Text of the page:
Leap day folk concert brings obscure musical genre to life

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Author: Nicolette Gendron

 

Often overlooked, the heterogeneous genre of folk music must be experienced firsthand in a setting removed from mainstream society and with live artists, in order to be fully appreciated. Contemporary bands Bon Iver, the Civil Wars, Edward Sharpe and the Magnetic Zeroes and Iron and Wine all fall to some degree under the “folk”  genre and represent folk’s growing popularity and variety. On last Wednesday night, in honor of Leap Day, Highland Park’s cozy studio on York called “York 5209” hosted a four band folk set consisting of Homesick Elephant, Shane Cooley, Adam Smith and Bunnies & Kitties. Perfectly in line with folk’s tradition of personal, lyrical and acoustic qualities, each performance brought to life a different element of the genre.  As Sara Kelly, singer in the Highland Park folk duo Homesick Elephants, explained, “All you need is two people, a guitar and harmonies.”

Although under the heading of the same musical genre, the bands and individuals who performed shared their own unique musical identity with the audience. In a Rolling Stone article reviewing Edward Sharpe and the Magnetic Zeroes performance at the 2011 Lollapalooza music festival, lead singer Alex Ebert describes how his band wants “to remind people of being in elementary school – just the innocence of singing and making noise and just . . . participating.” This emphasis on innocent, carefree participation in musical creation pushes listeners to get out of their comfort zones and to participate in what initiates the intimate experience of folk music.

Drawing from the folk genre’s emphasis on visceral experience, the concert was appropriately held in a local, intimate studio. The loft studio, with raw exposed beams on the ceiling, had a small raise in the floor that served as the stage. Audience members sat in a mixed assortment of plush chairs, couches and love seats. Chinese lanterns hung from the ceiling beams and the walls were interspersed with chalk drawings and odd paintings of ghouls and spirits. The audience members had free access to coolers of beer throughout the evening as well.

A small group of 20 gathered to share and engage in the experiential nature of folk music. The audience members ranged in age but not in accoutrement. Many viewers donned American Apparel clothing and circular-framed glasses in the style of John Lennon. A coffee table at the foot of one of several couches was covered with books ranging in subject matter from the music business to finding one’s life purpose to memoirs of music legends like Bob Dylan, the Rolling Stones and Aerosmith. The studio felt like the home of someone who was incredibly fond of music and art. But considering folk music’s ability to couple music and poetry into a singular art form, the setting of York 5209 does not come as a surprise.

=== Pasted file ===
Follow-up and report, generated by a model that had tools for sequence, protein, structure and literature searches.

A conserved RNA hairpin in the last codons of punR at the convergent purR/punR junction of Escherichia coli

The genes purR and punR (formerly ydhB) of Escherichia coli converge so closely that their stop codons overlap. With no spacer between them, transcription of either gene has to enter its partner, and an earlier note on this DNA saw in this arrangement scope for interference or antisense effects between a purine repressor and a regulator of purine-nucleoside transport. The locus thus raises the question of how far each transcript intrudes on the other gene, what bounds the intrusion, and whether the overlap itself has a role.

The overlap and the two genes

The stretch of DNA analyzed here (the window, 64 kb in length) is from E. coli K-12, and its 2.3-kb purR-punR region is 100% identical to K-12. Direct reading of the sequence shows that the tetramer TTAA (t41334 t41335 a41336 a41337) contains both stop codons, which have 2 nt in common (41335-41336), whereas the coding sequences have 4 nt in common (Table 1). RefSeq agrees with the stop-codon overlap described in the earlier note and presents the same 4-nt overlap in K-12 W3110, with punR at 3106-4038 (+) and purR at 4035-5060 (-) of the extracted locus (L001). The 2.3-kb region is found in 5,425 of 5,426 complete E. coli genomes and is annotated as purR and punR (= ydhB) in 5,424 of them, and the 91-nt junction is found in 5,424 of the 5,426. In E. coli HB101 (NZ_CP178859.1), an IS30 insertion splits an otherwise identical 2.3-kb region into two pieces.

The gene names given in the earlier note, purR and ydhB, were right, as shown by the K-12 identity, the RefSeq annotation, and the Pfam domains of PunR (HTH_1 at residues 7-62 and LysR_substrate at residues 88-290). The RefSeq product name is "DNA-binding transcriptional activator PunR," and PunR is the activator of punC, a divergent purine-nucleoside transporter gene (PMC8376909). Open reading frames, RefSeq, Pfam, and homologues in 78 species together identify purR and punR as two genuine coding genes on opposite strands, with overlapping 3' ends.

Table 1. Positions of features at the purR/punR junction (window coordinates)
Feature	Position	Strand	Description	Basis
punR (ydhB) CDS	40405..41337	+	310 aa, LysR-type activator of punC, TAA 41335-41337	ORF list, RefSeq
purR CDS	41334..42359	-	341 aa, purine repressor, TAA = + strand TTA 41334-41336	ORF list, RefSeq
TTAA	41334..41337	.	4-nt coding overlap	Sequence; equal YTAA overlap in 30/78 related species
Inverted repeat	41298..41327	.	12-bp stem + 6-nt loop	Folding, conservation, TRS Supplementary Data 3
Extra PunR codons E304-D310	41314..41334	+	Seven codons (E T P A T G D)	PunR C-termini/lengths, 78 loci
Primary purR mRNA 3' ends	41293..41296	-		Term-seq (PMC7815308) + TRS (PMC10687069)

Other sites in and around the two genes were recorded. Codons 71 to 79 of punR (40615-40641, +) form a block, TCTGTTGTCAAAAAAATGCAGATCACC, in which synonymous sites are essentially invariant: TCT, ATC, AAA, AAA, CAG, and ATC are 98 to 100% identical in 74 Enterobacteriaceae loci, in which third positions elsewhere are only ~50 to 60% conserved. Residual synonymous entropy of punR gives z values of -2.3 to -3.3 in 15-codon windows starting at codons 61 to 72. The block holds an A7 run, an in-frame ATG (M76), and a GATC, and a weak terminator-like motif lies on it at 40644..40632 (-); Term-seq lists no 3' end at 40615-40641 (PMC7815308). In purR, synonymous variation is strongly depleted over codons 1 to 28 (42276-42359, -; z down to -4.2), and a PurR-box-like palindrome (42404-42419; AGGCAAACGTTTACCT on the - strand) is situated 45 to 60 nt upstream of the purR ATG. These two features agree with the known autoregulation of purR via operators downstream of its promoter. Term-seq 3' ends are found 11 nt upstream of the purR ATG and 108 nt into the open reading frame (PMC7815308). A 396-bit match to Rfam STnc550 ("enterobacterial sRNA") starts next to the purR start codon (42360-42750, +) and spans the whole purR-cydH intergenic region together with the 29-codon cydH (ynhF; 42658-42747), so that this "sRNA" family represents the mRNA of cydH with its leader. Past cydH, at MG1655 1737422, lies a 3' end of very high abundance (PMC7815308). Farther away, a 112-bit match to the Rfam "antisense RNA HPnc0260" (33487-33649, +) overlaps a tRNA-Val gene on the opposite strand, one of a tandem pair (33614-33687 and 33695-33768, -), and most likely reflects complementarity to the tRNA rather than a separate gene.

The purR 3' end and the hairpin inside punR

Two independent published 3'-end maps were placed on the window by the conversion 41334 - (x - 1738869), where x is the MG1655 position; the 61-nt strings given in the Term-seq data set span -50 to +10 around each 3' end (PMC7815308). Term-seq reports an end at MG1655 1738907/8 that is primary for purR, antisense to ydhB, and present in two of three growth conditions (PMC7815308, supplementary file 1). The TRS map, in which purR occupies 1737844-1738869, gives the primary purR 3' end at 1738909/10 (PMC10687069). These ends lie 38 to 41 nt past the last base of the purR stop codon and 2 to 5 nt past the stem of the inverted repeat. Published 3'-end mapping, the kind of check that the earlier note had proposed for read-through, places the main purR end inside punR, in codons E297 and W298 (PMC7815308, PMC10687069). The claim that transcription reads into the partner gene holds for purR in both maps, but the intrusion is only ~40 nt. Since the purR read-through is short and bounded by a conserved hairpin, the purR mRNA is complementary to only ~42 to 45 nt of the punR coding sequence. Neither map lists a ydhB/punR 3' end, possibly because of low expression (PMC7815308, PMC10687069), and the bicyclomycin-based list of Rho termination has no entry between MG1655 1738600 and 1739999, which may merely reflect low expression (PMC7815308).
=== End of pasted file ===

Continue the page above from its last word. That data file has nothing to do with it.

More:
When the two performers comprising the evening’s first band, Homesick Elephant, emerged from the audience and walked onto stage, the husband-and-wife duo’s melodic music along with their clear love for one another mesmerized the audience. Each song revolved around the simple facets of life, like wife Sara Kelly’s favorite orange dress or the couple’s love letters. The dependence on harmonies, which serves as the soul of folk music, brings to life the handcrafted, poetic nature of the lyrics.

The second act, singer Shane Cooley, created his own folk infusion of country and rock. His song “California” was revitalizing and rousing as it told the story of an individual finding a place of liberation. On his website, Cooley notes that his inspiration comes from the idea that “there’s always a song that just fits the way you feel at that exact moment. I like writing songs like that.” In this way, Cooley’s inspiration returns to folk music’s emphasis on poetic lyricism and the need to tell a story.

However, it was the third act of the night, singer Adam Smith, who stole the show. Nothing about folk music is ostentatious or domineering, but Smith’s skeletal presence along with his haunting voice left a lasting impression. A hat covered Smith’s shaggy hair while his John Lennon-inspired glasses obscured his eyes. In the gentle glow of the Chinese lantern’s red light, Smith exposed his personal demons, black magic, love and angels through song. He appeared almost as an arch angel, stoic and severe in all black but ethereal with a voice that warmed the room and indulged the audience in rapture and reflection.

Each of the bands engaged the audience in open dialogue throughout the concert, especially the last act of the night, Rafael Bustamante’s one man show called “Bunnies & Kitties.” The remaining members of the audience formed a circle on the floor around Bustamante, returning to Ebert’s idea of the folk music experience as being in “kindergarten.” At one point during his set, Bustamante asked Kelly to join him in singing an old Spanish folk song. Without even counting to three, the duo launched into song and pulled the lyrics from one another as if telepathically. At the end, Bustamante and Kelly opened their eyes and smiled. Looking around, the rest of the audience members had the same expressions of enchantment on their faces. The audience at York 5209 appeared incredibly content, as if the music itself had filled them, putting them at incredible ease like a glass of warm milk did before bed in kindergarten. 

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